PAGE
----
My Yemeni friend, Mohammed Al-Asaadi, recently gave me a link via Facebook to an article on the role of women in the ongoing political protests in his country. The article describes the increasing role of women in the movement to overthrow President Saleh. It also describes near-feudal Yemeni traditions that have limited many women to lives of involuntary servitude. In a country where domestic violence is not a legal offense, a woman who defies her family and her neighbors by engaging in public protest is in danger from not only the army and pro-Saleh thugs but also from outraged traditionalists who might well see her public engagement as a stain on family honor.
Reading about the Yemeni women who join the street protests despite the risk reminded me of a woman who only exists in a poem. In “A Letter from a Stupid Woman” the Syrian poet Nizar Kabbani gives voice to a woman who is well aware that she faces death for her subversive views of the Arab patriarchy but, nevertheless, dares to speak. Even though Kabbani died in 1998, he still is routinely referred to as the most popular poet in the Arab world. He was an intensely political poet, who nevertheless earned the title “Poet of Women” for both his empathy with the plight of women in the middle East and his celebration of erotic love.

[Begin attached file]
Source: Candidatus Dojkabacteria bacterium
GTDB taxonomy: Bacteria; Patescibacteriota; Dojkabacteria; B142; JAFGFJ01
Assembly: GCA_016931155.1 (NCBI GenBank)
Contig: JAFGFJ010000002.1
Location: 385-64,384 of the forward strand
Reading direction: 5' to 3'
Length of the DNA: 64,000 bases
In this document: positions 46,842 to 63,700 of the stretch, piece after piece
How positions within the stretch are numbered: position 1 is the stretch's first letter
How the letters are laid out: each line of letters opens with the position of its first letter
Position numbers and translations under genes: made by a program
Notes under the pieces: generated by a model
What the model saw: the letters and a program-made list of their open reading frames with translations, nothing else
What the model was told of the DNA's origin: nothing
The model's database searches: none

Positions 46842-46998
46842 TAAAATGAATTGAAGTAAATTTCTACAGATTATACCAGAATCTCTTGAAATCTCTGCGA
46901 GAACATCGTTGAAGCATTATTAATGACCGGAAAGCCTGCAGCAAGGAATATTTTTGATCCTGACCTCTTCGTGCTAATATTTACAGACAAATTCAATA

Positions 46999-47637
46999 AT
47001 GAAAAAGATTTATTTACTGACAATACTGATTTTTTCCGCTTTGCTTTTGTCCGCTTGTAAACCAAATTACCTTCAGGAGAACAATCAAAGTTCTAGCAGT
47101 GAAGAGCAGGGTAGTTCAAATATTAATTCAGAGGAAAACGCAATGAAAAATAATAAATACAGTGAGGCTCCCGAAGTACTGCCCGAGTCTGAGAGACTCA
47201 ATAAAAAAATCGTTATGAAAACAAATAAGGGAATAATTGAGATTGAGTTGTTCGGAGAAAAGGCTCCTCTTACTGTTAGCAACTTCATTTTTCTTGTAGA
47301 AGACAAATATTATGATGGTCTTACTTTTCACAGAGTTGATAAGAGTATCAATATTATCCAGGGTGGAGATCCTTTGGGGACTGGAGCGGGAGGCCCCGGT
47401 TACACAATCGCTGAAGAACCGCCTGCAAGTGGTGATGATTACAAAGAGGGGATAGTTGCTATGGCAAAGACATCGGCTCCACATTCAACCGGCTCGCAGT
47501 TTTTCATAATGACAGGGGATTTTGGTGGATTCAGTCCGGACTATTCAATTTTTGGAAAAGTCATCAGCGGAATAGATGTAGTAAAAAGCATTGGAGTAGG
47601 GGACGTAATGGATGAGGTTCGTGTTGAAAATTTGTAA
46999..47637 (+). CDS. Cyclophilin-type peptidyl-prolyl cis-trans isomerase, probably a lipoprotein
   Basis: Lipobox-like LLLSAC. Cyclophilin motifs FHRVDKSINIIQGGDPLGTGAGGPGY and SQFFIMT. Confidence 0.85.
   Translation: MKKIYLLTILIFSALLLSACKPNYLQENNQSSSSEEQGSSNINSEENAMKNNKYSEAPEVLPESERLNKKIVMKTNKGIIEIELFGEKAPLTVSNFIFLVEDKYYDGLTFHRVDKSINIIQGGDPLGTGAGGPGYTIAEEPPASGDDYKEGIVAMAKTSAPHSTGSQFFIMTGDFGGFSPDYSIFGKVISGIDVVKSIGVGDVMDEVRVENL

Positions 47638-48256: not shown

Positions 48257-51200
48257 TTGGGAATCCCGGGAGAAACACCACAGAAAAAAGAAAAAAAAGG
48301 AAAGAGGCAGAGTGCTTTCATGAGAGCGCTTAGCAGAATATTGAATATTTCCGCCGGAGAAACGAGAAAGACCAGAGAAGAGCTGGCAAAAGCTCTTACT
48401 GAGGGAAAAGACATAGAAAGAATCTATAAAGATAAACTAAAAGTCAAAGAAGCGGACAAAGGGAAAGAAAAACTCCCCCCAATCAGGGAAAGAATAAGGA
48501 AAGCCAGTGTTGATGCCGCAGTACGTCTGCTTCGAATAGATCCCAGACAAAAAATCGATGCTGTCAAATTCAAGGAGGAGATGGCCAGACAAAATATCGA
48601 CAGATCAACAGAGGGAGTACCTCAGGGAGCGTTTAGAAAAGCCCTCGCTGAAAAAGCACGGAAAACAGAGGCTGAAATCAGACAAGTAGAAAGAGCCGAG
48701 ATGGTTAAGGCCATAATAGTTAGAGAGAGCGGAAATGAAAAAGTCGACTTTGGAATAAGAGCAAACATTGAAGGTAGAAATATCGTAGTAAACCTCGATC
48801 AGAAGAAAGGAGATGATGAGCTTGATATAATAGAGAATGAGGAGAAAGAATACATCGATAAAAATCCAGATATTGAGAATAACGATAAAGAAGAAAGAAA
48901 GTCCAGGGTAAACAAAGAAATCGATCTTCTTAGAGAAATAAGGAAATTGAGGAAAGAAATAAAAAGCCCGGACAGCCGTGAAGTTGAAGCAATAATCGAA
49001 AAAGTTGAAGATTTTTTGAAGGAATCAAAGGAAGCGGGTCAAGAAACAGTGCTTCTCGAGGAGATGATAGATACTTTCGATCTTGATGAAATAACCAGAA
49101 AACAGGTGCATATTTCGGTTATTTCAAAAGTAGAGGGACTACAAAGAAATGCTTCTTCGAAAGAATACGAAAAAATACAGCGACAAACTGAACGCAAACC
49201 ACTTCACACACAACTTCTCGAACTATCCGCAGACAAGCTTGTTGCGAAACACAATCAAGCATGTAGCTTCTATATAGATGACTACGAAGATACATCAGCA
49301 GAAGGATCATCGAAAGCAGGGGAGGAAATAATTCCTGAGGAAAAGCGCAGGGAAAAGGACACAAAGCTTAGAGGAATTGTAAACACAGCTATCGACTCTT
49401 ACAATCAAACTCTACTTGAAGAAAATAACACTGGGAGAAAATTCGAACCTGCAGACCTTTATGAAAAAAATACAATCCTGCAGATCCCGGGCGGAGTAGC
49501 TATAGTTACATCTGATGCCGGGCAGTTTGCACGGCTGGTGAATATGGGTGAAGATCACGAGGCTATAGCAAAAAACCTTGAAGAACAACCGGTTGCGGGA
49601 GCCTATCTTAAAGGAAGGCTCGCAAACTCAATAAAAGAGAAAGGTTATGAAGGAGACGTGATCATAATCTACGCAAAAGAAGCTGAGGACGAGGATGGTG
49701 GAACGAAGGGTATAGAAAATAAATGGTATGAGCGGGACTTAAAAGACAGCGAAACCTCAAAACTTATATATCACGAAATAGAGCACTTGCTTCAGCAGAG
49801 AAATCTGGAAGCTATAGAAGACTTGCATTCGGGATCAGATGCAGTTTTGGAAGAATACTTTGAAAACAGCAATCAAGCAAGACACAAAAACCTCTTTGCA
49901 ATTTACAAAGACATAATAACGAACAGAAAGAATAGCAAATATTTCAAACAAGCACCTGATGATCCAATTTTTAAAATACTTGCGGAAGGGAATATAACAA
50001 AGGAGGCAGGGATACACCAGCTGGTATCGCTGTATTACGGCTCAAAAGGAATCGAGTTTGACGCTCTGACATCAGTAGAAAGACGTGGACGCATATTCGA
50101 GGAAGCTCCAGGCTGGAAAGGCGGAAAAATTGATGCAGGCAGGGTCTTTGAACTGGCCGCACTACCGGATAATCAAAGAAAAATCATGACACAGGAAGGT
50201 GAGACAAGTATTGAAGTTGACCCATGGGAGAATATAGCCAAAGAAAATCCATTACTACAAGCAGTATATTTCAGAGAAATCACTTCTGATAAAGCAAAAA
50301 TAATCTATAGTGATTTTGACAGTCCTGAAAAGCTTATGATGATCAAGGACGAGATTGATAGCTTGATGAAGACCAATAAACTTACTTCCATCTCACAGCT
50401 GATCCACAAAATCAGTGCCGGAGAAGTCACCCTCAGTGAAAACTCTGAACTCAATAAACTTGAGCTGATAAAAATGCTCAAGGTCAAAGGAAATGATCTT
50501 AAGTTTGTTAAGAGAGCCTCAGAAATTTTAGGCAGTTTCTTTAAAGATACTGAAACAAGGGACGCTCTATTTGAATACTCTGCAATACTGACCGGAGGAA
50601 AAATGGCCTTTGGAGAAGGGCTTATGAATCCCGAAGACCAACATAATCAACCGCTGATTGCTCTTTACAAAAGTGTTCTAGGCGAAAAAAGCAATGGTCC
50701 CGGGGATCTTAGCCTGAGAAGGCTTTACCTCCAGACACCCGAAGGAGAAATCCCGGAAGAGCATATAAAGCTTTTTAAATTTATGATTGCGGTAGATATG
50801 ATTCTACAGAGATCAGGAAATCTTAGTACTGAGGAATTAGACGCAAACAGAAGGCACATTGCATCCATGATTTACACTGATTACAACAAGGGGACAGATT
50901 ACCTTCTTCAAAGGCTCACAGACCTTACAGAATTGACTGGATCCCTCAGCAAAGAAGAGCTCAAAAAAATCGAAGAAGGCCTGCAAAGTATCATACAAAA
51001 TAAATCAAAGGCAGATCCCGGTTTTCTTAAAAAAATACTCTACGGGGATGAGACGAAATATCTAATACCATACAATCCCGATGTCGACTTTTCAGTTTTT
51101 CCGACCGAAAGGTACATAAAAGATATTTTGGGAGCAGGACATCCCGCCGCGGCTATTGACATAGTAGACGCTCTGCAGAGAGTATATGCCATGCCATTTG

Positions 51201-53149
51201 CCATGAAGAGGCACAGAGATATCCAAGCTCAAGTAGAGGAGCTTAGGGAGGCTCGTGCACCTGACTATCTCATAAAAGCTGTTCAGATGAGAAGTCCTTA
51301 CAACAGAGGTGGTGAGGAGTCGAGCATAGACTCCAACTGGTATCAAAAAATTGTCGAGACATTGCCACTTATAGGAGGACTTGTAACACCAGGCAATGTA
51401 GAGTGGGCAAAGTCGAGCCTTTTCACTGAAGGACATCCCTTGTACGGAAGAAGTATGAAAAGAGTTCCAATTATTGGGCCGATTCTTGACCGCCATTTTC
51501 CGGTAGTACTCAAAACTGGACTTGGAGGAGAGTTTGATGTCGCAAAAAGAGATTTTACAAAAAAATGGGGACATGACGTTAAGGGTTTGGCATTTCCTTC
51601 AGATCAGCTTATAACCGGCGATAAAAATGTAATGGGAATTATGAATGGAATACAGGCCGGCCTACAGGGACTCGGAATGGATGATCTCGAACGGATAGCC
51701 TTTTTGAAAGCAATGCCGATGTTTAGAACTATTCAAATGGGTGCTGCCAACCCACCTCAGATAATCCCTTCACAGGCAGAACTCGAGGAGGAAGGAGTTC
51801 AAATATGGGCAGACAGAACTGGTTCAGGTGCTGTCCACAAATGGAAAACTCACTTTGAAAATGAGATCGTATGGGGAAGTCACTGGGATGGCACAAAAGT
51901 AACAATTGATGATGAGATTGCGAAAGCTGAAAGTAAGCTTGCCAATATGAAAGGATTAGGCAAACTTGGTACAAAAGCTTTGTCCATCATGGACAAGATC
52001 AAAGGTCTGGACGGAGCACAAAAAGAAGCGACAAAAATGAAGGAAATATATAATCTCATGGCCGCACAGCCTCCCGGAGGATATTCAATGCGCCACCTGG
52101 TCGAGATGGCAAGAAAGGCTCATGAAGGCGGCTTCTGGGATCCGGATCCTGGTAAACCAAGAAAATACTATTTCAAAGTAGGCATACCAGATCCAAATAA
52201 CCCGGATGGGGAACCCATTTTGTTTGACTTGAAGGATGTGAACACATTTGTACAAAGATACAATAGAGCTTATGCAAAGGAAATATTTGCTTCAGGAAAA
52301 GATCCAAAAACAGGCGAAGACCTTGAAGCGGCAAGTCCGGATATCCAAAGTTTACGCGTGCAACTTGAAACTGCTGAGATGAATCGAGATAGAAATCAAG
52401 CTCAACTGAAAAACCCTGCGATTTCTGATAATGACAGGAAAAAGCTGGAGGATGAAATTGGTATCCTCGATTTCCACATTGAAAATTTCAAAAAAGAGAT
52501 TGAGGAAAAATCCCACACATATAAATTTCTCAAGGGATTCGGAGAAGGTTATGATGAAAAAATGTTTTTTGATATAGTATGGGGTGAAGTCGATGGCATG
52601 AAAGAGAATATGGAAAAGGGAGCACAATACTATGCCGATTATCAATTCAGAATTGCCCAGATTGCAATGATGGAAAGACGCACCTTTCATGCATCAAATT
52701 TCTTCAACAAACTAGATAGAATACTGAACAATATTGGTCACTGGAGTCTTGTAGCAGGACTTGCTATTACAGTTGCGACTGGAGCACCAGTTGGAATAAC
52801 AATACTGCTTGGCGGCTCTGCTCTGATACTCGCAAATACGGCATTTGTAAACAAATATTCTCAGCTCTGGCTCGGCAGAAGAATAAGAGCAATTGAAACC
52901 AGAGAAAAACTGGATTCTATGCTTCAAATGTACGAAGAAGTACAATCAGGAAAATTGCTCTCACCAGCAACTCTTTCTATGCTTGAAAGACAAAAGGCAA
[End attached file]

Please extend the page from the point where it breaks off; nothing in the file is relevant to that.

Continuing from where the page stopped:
“Letters” takes the form of a letter written by a woman to her nameless “Master”. She tells him that she is afraid to write her thoughts because his “East”, meaning Arab culture:
It uses knives…
to speak to women
And further on in the poem, she seems to speak about her Master’s religion:
For your East, my dear Master,
Surrounds women with spears
And your East, my dear Master
elects the men to become Prophets,
and buries the women in the dust.
Kabbani’s “stupid woman” would be proud of her sisters in Yemen.